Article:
Dear Annie: My wife of 50 years told me that a longtime friend has called her twice trying to have phone sex. I exploded! She told me not to say anything because it would ruin our friendship with this couple.
I confronted him anyway and told him he disrespected my wife, me and all women in general. He did not deny what he had done. Frankly, I can’t blame him too much, considering his wife of 50 years.
Still, as far as I’m concerned, he totally crossed the line, and our friendship is over. My wife, however, continues to associate with both of them. What do you think?
— Mad in the Bluegrass
Dear Mad: We think you threw out quite a zinger about the man’s wife. We don’t care what she is like. It doesn’t justify his hitting on another woman, especially one who is married to a good friend. That’s a double betrayal.
We will give him one possible excuse, however. If he’s been married for 50 years, he is probably in his 70s or older, and it’s possible he is displaying early signs of dementia, which include loss of inhibition and personality changes. Please suggest he see his doctor for a checkup. As long as your wife has no interest in this fellow and wants to remain friends with his wife, it’s probably OK. If you notice changes in that direction, however, don’t hesitate to address it.
Dear Annie: I’d like to add my two cents about whether parents treat their children the same.
Mom, Sis and I live equidistant from one another. Sis still lives near the place where we grew up. Mom moved to a warmer climate. We call each other every weekend to catch up and stay in touch. Sis and I fly to visit Mom about once a year.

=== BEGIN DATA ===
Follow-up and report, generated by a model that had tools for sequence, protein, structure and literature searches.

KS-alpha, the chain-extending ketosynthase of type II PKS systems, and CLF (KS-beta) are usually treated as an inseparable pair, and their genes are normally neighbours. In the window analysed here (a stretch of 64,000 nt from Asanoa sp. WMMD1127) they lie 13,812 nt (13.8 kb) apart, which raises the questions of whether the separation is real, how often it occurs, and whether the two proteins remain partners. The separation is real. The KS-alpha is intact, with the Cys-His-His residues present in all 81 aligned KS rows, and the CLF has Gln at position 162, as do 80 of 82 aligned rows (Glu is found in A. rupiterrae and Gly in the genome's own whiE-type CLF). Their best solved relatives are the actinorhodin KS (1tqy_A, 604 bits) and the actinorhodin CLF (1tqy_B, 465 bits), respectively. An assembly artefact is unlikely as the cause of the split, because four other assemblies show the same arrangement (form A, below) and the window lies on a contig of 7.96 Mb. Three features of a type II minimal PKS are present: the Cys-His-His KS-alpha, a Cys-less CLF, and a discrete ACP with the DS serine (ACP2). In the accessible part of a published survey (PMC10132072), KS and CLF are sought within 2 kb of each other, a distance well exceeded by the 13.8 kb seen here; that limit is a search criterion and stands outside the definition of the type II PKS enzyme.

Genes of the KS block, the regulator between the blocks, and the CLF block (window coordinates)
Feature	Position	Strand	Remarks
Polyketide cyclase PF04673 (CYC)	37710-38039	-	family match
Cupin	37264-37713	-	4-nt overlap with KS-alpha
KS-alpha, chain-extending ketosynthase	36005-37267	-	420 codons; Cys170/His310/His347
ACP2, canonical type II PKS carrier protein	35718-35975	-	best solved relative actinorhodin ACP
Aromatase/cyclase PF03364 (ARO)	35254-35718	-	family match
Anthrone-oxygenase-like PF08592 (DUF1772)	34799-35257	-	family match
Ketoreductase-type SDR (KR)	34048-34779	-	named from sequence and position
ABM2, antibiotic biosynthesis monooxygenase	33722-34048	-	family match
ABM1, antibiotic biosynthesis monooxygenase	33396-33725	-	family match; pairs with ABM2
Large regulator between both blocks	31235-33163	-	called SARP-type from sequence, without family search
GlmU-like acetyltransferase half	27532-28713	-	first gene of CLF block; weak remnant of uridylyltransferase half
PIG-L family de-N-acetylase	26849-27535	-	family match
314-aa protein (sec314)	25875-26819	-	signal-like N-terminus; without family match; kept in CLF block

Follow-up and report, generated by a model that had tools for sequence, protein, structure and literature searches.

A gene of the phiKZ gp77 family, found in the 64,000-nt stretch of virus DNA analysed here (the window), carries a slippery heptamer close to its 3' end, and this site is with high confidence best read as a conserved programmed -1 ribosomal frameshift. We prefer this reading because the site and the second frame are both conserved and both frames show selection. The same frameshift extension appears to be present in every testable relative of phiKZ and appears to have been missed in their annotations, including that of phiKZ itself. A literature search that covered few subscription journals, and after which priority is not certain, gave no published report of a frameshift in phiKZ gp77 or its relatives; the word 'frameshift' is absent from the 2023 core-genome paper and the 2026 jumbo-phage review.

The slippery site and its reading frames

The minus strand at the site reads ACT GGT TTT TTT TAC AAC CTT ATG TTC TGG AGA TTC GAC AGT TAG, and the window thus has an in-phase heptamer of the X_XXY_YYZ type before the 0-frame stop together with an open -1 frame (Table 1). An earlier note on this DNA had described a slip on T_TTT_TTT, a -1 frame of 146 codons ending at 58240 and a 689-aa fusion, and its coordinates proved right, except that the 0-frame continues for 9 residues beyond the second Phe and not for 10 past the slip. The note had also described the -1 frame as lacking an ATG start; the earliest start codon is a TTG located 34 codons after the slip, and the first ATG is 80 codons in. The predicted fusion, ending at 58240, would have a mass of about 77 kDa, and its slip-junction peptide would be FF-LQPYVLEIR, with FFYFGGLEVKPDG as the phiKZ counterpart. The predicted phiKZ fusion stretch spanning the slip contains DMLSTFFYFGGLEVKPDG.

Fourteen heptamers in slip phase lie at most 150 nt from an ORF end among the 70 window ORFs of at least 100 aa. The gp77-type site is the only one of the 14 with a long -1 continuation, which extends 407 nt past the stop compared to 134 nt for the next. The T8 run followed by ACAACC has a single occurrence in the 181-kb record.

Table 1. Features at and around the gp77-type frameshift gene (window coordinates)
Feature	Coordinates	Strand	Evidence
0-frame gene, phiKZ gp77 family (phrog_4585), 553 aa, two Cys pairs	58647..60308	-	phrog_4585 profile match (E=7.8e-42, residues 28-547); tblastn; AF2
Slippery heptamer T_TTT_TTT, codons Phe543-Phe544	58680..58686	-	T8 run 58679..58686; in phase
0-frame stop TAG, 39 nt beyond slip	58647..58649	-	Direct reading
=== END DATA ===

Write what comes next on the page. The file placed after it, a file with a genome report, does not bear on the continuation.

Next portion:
Mom visits Sis and her family a few times a year. But despite the many invitations I have extended, she will not visit me. When I had heart surgery five years ago, Mom did not come. When I was hospitalized for pancreatitis, Mom did not come. Of the 25 stage plays I’ve appeared in, Mom came to see exactly one. She will never see the home my wife and I remodeled. It seems the things that are important to me don’t matter much to her.
I suppose there is a certain amount of validity in her excuse that there’s nothing that interests her in my city, but when we visit our son and his family, we don’t care whether there is anything to do. We are simply glad to be with them.
Does Mom love me? Certainly. Does she love me as much as my sister? Probably. Does she treat us the same? Judge for yourself.
— That’s My Lot in Life
Dear Lot: We wish your mother could better appreciate what you are offering. So many parents write us saying their kids have no interest in being close. We suspect Mom simply feels more comfortable around her daughter than her son and daughter-in-law. It’s not uncommon. But it is unfair of her to penalize you for it. Keep in mind, traveling may become more difficult for Mom as time goes on. But until then, please tell her how you feel and ask her to make a greater effort to participate in your life. We hope she will.
Dear Annie: Tell “Lonely for Friends” to check the women’s clubs in her area. These are national philanthropic organizations that contribute time and money to various worthy community causes. The more involved I became the more people I met. It is an opportunity to do good while making friends.
I am sure “Lonely” would be welcomed into her local club. She can check online at www.gfwc.org to locate one in her area.
— Been There, California
Annie’s Mailbox is written by Kathy Mitchell and Marcy Sugar, longtime editors of the Ann Landers column. Email your questions to email@example.com, or write to: Annie’s Mailbox, c/o Creators Syndicate, 737 3rd Street, Hermosa Beach, CA 90254. To find out more about Annie’s Mailbox and read features by other Creators Syndicate writers and cartoonists, visit the Creators Syndicate Web page at www.creators.com.
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